History of Panerai
The journey of Panerai watches began from a tiny watch shop opened by Giovanni Panerai in 1860 at Ponte Alle Grazie in Florence. This small venture later developed into the legendary company Officine Panerai, as we all know it today.
Later in 1890, Giovanni's talented grandson, Guido Panerai took over the possession of the business and relocated it to the Piazza San Giovanni. Tracing its roots back to Italian Navy, in the early 1900s, Panerai used to be a producer of mechanical instruments such as compasses, depth gauges. It was the Italian Navy's long-term supplier for various nautical, signal, and measurement instruments. In 1936 Panerai landed itself on another shore as it received a contract from the Italian Navy to develop professional diving watches. Since the Panerai was new to the arena of watches, it turned to the Swiss company Rolex, which was already at the forefront of the industry at that time.
And finally, By 1938, Panerai in cooperation with Rolex was successful in producing diving watches known as Panerai Radiomir. It was a waterproof watch with a diameter of 47-millimeters.
To make the watch compatible so that this Panerai dive watch can be accompanied on all stealth missions underwater, patented phosphor based on radium was used in the manufacturing of its Radiomir dial. While at the time of Radiomir production people were not aware of the use of the most active radioactive substance in their manufacturing. However, the production of this Radiomir watch series was very low since the timepieces were not meant for being sold in the consumer market. But Panerai was determined to target the civilian public as well, so in 1993 Officine Panerai took a historic step. It hit the market with its first collection meant for the civilian public. The models that were released consisted of three limited-edition watches: the Panerai Luminor, the Panerai Luminor Marina and the Panerai Mare Nostrum. Inspired by the historic models created for the commandos of the Italian Navy, these Panerai watches quickly became desirable objects for the common masses as well as for the ardent watch lovers.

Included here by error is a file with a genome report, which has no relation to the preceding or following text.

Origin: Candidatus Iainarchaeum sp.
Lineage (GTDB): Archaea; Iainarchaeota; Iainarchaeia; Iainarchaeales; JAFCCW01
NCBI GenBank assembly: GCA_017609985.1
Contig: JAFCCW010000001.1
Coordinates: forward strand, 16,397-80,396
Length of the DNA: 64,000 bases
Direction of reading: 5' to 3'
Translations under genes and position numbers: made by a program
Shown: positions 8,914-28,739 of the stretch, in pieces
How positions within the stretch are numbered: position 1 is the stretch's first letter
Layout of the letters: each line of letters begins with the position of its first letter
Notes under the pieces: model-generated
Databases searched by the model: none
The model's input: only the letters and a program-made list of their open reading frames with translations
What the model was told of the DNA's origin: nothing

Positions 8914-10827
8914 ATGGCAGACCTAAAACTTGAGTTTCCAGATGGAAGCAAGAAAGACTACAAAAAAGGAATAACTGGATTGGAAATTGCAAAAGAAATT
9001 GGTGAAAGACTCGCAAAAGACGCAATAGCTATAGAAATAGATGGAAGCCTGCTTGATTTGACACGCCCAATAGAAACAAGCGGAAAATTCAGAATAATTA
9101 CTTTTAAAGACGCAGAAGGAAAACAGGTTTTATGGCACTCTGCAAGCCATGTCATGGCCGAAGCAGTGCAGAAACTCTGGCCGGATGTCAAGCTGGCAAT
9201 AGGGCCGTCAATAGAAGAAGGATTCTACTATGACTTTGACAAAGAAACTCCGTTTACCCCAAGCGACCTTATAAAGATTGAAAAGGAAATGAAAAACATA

The story of the Panerai Luminor
The first Panerai Luminor was launched in the 1950s, which was followed by the release of many other models as well. The early released model of Panerai Luminor 1950 guaranteed an eight-day power reserve and used a tritium-based luminous substance on the dial and hands. But the fate of Panerai Luminor had something very good waiting ahead. In the 1990s the actor Sylvester Stallone saw the Panerai Luminor Submersible in a shop window while filming on location in Rome and was drawn away by the imposing character of the military watch, which fit perfectly with his on-screen persona. In return for the unsolicited exposure, a solid friendship has developed between Sly and the brand. Shortly afterward, a new Panerai Luminor model made its debut, bearing the movie title and the actor’s nickname: the Luminor Daylight Slytech.
In 1997, Officine Panerai saw a new dawn - the Richemont Group (then known as the Vendôme Group) acquired it. Under the new leadership, the entire military production branch of the company was shut. A year later, Panerai presented the first collection of public watches. Large, functional, military watches coupled with pure Italian design sparked an overwhelming response from the Panerai fan club. The luxury of Panerai grew out of its heritage and the purposefulness of each feature. Panerai watches were not about the latest fashion, they were designed to work in specific conditions. Now they were no more a military watch, they were a blend of ruggedness and enchanting looks. The next coming years had something very different planned out for the Officine Panerai. In the year 2006, the brand's strong association with the sea took a more recreational turn. Officine Panerai bought and restored Eilean a 1936 Bermudan ketch sailing boat built in Scotland. Three years of restoration ensured to bring her back to her original splendor and she now competes in vintage yacht races around the world.
The headquarters of the company are still in Italy, but the production has now been shifted to Switzerland. Angelo Bonati, CEO since 1997, sees no conflict whatsoever in making luxury watches with a profound Italian soul and past, beating to a Swiss heart. Practically since the last two decades, Officine Panerai has continued to stay on course, true to the quintessential with the iconic designs of its star models - the Panerai Radiomir and the Panerai Luminor.
Without any doubts, Officine Panerai remains among one of the most recognizable and appreciated sports watches with its distinctive designs and an enthralling history. The Officine Panerai in its full range of models offers advanced functions with the elegant look which makes it a must to add choice to everyone's wishlist. And hence living up to their motto they have definitely made ideas come to life with their exquisite range of collection.